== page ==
The Fabulous Fifties

© Copyright Peter Crawford 2012
© Copyright Peter Crawford 2012
The Fifties began in austerity. King George VI was on the throne, Clement Attlee was Prime Minister, Harry Truman was in the White House, the world was scared of the atom bomb.
The decade ended with Queen Elizabeth in Buckingham Palace, General Eisenhower as American President, the Prime Minister Harold Macmillan telling people they’d never had it so good.
To many people who grew up in the Britain of half a century ago, the Fifties are a clearly and dearly remembered age.
'We walked to school, had open fires and no central heating,' recalled a woman of that generation.
'We played in the street with our friends and were safe; we climbed trees, skinned our knees and ripped our clothes, got into fights and nobody sued anybody. Sweets were a treat, not part of lunch.
'We got a clip round the ear when we had been naughty, and Mum gave us a teaspoon of malt and cod liver oil before school.

'We played cards and board games and talked to each other. We were allowed to answer the phone on our birthdays as a special treat. It was an innocent time, gone for ever.'

Sweet Rationing
The Fifties were 'the best of times' according to writer Ian Jack, as he recalled full employment, steady material progress and a widely shared sense of certainty about life.
Over the entire era there still hung the spectre of World War II, which had been over for a decade  - although a lot of people, looking around them at the state of the country 'were buggered if they knew who had won it'.
Meat, butter, cheese, sugar and sweets were still rationed in 1953, and blitzed inner cities remained, even if many of their inhabitants had been shipped out to suburbs and new towns.

Reach for the Sky - Kenneth Moore - 1956
War films were the staple diet of the cinema -'The Dam Busters', 'The Cruel Sea', 'Reach For The Sky' and many more.
War was central in children's lives and imaginations.
Many boys recall that all the games they played were war games.
Boys Playing in the Street - 1950s

'I fired sticks and mimicked the high stutter of machine guns in the woods, and dive-bombed my friends with ear-damaging howls and flung my body into the arc of heroic death.'
Most of the boys on most streets had wooden Tommy guns or sometimes the real thing  -  a relic from the war with the firing pin removed.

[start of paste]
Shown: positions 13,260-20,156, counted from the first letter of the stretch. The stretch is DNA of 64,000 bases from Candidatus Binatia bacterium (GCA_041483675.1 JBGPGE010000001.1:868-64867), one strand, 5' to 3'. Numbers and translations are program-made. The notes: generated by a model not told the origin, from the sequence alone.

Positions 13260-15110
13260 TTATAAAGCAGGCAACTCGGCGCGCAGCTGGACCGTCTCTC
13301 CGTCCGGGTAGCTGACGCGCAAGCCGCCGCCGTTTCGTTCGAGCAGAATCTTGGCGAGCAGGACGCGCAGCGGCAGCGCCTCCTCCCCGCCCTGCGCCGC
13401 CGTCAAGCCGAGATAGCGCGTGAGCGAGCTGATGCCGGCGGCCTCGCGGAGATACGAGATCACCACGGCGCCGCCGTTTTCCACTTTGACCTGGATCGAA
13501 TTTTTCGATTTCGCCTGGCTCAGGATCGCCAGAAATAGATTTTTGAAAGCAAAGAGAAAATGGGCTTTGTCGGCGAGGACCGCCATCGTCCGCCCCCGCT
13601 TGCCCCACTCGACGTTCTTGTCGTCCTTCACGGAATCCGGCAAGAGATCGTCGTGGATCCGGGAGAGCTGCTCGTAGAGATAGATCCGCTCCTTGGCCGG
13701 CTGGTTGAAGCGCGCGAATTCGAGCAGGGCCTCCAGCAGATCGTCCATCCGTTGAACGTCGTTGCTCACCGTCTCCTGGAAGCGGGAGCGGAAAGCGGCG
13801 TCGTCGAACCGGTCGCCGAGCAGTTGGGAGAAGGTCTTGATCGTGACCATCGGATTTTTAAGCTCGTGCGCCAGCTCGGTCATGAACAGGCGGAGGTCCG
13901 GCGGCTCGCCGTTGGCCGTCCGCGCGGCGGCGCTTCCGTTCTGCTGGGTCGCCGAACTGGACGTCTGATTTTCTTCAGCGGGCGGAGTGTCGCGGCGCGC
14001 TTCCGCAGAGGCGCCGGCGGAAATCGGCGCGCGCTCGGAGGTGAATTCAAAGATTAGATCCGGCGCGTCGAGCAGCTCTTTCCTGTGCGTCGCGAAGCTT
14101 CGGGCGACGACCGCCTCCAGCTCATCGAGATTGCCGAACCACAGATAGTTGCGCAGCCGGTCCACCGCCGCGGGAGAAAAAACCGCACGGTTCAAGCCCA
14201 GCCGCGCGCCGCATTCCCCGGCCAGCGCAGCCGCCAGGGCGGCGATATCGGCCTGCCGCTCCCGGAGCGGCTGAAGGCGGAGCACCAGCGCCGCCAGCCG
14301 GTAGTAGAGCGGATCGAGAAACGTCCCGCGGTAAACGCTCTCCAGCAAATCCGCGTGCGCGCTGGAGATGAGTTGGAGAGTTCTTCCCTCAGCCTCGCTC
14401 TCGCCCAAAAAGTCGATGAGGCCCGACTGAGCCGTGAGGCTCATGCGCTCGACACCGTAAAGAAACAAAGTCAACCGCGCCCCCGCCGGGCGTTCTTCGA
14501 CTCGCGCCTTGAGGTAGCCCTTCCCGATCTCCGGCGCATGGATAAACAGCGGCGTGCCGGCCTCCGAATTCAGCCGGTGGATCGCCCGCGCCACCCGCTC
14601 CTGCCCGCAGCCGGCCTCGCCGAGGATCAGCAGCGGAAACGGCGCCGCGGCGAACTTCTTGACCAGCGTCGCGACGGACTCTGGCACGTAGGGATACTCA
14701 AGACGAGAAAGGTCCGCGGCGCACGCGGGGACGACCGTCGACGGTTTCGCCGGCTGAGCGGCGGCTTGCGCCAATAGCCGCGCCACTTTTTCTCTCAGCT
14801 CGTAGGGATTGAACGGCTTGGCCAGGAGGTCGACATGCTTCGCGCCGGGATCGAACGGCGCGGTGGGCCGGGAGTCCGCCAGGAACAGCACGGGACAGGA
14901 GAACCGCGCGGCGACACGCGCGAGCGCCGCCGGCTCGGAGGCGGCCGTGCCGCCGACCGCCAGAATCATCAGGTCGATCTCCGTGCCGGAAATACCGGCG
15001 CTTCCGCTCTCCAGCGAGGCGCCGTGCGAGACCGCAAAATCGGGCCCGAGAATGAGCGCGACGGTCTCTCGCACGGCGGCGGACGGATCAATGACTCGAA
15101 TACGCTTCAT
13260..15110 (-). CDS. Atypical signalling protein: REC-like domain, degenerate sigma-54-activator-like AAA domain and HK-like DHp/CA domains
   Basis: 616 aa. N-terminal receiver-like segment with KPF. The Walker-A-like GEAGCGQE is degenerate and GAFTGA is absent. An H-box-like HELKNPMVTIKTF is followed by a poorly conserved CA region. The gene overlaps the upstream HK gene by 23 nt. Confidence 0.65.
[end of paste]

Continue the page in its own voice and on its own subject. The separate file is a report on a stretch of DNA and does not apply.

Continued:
Airfix Spitfire

Airfix Spitfires, sold by Woolworths for 2s, proved to be the toy firm's most popular model, while boys' comics were full of stories of 'Braddock, Ace Pilot', 'Sergeant Allen of the Fighting 15th' and 'The Eyes that Never Closed' (about hunting German U-boats).
Wartime values were still very strong.
Respectability, conformity, restraint and trust were what underpinned the Fifties.
There had been a degree of democratisation in the war as soldiers and civilians of all classes shared its dangers and privations.
But, in the aftermath, deference still ran deep in British society - whether towards traditional institutions, senior people in hierarchical organisations, prominent local figures (the teacher, the bank manager, the GP), older people generally or the better educated.
In the ultra-hierarchical City of London, it was still 'Mr this' and 'Mr that' in most offices.

Prince Charlse
When a Sunday newspaper asked readers in 1954 what sort of school the five-year-old Prince Charles should go to, a quarter declared it was none of their business or the paper's.
'Trust the Queen and Prince Philip,' implored one reader from Glebe Gardens, New Malden.
It was hard for anyone in this era to avoid - or evade - the culture of respectability and conformity.
In his study at public school, the records of choice of John Ravenscroft (later Peel, the Radio 1 DJ) were Handel's 'Zadok The Priest' from the Coronation of George VI, and a recording of the King's Christmas broadcast in which he quoted from the poem 'At The Gate Of The Year'.

Kingsley Amis
The normally truculent Kingsley Amis was happy to take his editor's advice and tone down explicit references to sex in his 1955 novel 'That Uncertain Feeling', a sequel to 'Lucky Jim', for fear that libraries might ban it.

The BBC - highly bureaucratic and with no appetite for taking risks or giving offence  -  was the embodiment of respectability.
'I want you to see yourself as an officer in a rather good regiment,' was how Robin Day was welcomed to the Radio Talks department in 1954.
News bulletins remained pillars of grammatical rectitude.
People living during the fifties remember not only the front door of homes being left unlocked, but bikes generally being left untouched or unchained at the bus stop or the railway station.
It was not until about 1957 that British motorcycles were even fitted with locks or keys.
'I never had a chain and padlock, and never knew anyone who had. The bike was never stolen, and I was never worried it might be.'
That these were more law-abiding times than now is not a nostalgic fantasy.
The fundamental fact was that, following a sharp upward spike in the post-war years, crime declined markedly during the first half of the Fifties.
The numbers started to move up from 1955, but were still strikingly low.
Notifiable offences recorded by the police were a little over half a million in 1957.
Forty years later, they were almost 4.5 million.
Violent crimes against the person numbered under 11,000 in 1957, and 250,000 in 1997.
It was, in short, a different world - whose trusting best was evoked by a premium-collecting Prudential insurance agent in Lincolnshire during the Fifties.
There were homes he went to in his bright yellow Austin Seven where the occupants were out at work and the key was under a brick or on a nail in the shed.
'I would let myself in and find the books and the payment which had been left out for me.
'Many times I would find also a hastily scribbled note: "Please take an extra sixpence and post these letters" and "Tell the doctor Johnnie is not so well."'
And so it went on - 'a land of lost content' .............